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Mixed forest provides beneficial effects

Forestry and nature conservation can benefit from promoting more different varieties of trees, according to a new study in which researchers from the University of Gothenburg, Sweden, were involved.
Modern forestry is based largely on monocultures – usually pine or spruce trees in Sweden – mainly because this is seen to be more rational. However, a forest also contributes ecosystem services other than just wood production, such as biological diversity, carbon sequestration and berries.

A new study by the Swedish University of Agricultural Sciences (SLU) and Future Forests shows that – in comparison to monocultures – mixed forest provides beneficial effects for a number of different services, including tree growth. Thestudy was led by Lars Gamfeldt from the University of Gothenburg.

“It has often been suggested that a high diversity of tree species has a positive impact on ecosystem processes,” says Lars. “But until now, this relationship has mainly only been analysed for one process or ecosystem service at a time.”

The study, which was carried out by an international team of researchers, is based on data from the Swedish National Forest Inventory and the Swedish Forest Soil Inventory. By examining the importance of the presence of various tree species in relation to six different ecosystem services (tree growth, carbon sequestration, berry production, food for wildlife, the presence of dead wood and biological diversity in ground vegetation), the study was able to show that all six of these services had a positive relationship to the number of tree species.

For example, the biomass of spruce is linked to high tree growth and the biomass of pine to berry production, while higher levels of carbon sequestration occur in areas with a larger amount of birch. In order to increase all these services, forestry may therefore need to make use of more varieties of trees. Other studies of forests in central Europe, the Mediterranean region and Canada back up these results.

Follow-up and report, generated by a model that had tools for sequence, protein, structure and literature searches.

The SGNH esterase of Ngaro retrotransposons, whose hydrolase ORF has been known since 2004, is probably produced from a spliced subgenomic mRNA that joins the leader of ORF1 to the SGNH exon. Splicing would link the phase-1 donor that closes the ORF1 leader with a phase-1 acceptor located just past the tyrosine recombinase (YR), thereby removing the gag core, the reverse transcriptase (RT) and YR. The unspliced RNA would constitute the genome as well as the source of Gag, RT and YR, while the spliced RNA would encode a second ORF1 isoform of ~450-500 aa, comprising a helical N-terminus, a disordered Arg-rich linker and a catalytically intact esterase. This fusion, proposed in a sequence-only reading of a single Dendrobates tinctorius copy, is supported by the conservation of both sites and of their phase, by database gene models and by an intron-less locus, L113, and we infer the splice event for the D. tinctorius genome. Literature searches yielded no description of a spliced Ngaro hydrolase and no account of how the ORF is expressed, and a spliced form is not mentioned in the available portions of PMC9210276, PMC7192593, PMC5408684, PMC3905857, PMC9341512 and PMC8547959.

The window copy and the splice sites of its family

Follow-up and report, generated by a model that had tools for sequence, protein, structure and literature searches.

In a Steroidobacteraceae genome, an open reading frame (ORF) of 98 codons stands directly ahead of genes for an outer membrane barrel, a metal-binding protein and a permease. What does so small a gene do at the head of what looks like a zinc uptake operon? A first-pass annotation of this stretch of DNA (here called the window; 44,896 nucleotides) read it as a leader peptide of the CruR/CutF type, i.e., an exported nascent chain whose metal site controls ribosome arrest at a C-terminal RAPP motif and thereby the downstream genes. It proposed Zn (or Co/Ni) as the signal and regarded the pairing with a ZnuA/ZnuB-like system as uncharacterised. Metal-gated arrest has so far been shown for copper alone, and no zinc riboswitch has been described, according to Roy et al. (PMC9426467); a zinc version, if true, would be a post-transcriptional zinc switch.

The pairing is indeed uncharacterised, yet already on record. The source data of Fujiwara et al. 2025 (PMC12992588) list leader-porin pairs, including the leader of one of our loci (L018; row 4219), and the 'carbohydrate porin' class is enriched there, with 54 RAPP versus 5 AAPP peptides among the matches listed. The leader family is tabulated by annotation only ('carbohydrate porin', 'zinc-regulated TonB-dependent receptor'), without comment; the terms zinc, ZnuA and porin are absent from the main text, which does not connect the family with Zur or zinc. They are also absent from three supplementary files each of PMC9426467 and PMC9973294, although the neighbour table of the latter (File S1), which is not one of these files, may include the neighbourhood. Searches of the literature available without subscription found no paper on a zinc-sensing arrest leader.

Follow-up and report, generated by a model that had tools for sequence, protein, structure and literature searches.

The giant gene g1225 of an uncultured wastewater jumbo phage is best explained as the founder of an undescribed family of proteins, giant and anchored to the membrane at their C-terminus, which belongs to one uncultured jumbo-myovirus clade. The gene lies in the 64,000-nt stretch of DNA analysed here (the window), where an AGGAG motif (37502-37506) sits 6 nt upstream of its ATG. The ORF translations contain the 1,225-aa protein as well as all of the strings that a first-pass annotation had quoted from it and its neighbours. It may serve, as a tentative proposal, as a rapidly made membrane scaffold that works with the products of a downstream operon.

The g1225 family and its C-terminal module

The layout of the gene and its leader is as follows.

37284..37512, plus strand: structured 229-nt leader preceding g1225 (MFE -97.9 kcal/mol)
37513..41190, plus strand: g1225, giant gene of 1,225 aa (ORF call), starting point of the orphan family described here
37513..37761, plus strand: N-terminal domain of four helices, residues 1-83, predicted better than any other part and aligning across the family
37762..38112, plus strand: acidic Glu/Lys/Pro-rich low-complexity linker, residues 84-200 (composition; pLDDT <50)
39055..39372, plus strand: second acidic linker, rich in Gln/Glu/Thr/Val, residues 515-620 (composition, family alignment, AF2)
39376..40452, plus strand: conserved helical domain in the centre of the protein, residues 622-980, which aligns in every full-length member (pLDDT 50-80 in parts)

The study also investigated the relationship between the individual ecosystem services. For example, high levels of tree growth appear to have a negative correlation with the production of both berries and food for wildlife, and with the presence of dead wood. On the other hand, there was a positive correlation between food for wildlife and both berry production and biological diversity in the ground vegetation.

“It’s not just a simple case of always getting more of everything,” explains Umeå University’s Jon Moen, “Sometimes you have to strike a balance between different ecosystem services.”

The new study has been published in the scientific journal Nature Communications, and goes against accepted thinking within Swedish forestry to some extent. “Our findings show that both forestry and nature conservation could benefit from promoting more different varieties of trees, thereby providing a greater diversity of ecosystem services,” concludes Jan Bengtsson from SLU.

Future Forests is a collaboration between SLU, Umeå University and the Forestry Research Institute of Sweden (Skogforsk), and is financed by the Swedish Foundation for Strategic Environmental Research (Mistra), SLU, Umeå University, Skogforsk and the Swedish forest industry.

Lars Gamfeldt, The University of Gothenburg, +46 (0)70 3393921,

Jan Bengtsson, The Swedish University of Agricultural Sciences, +46 (0)70 2335118,

Jon Moen, Umeå University, +46 (0)70 2271513,

Annika Koldenius | idw
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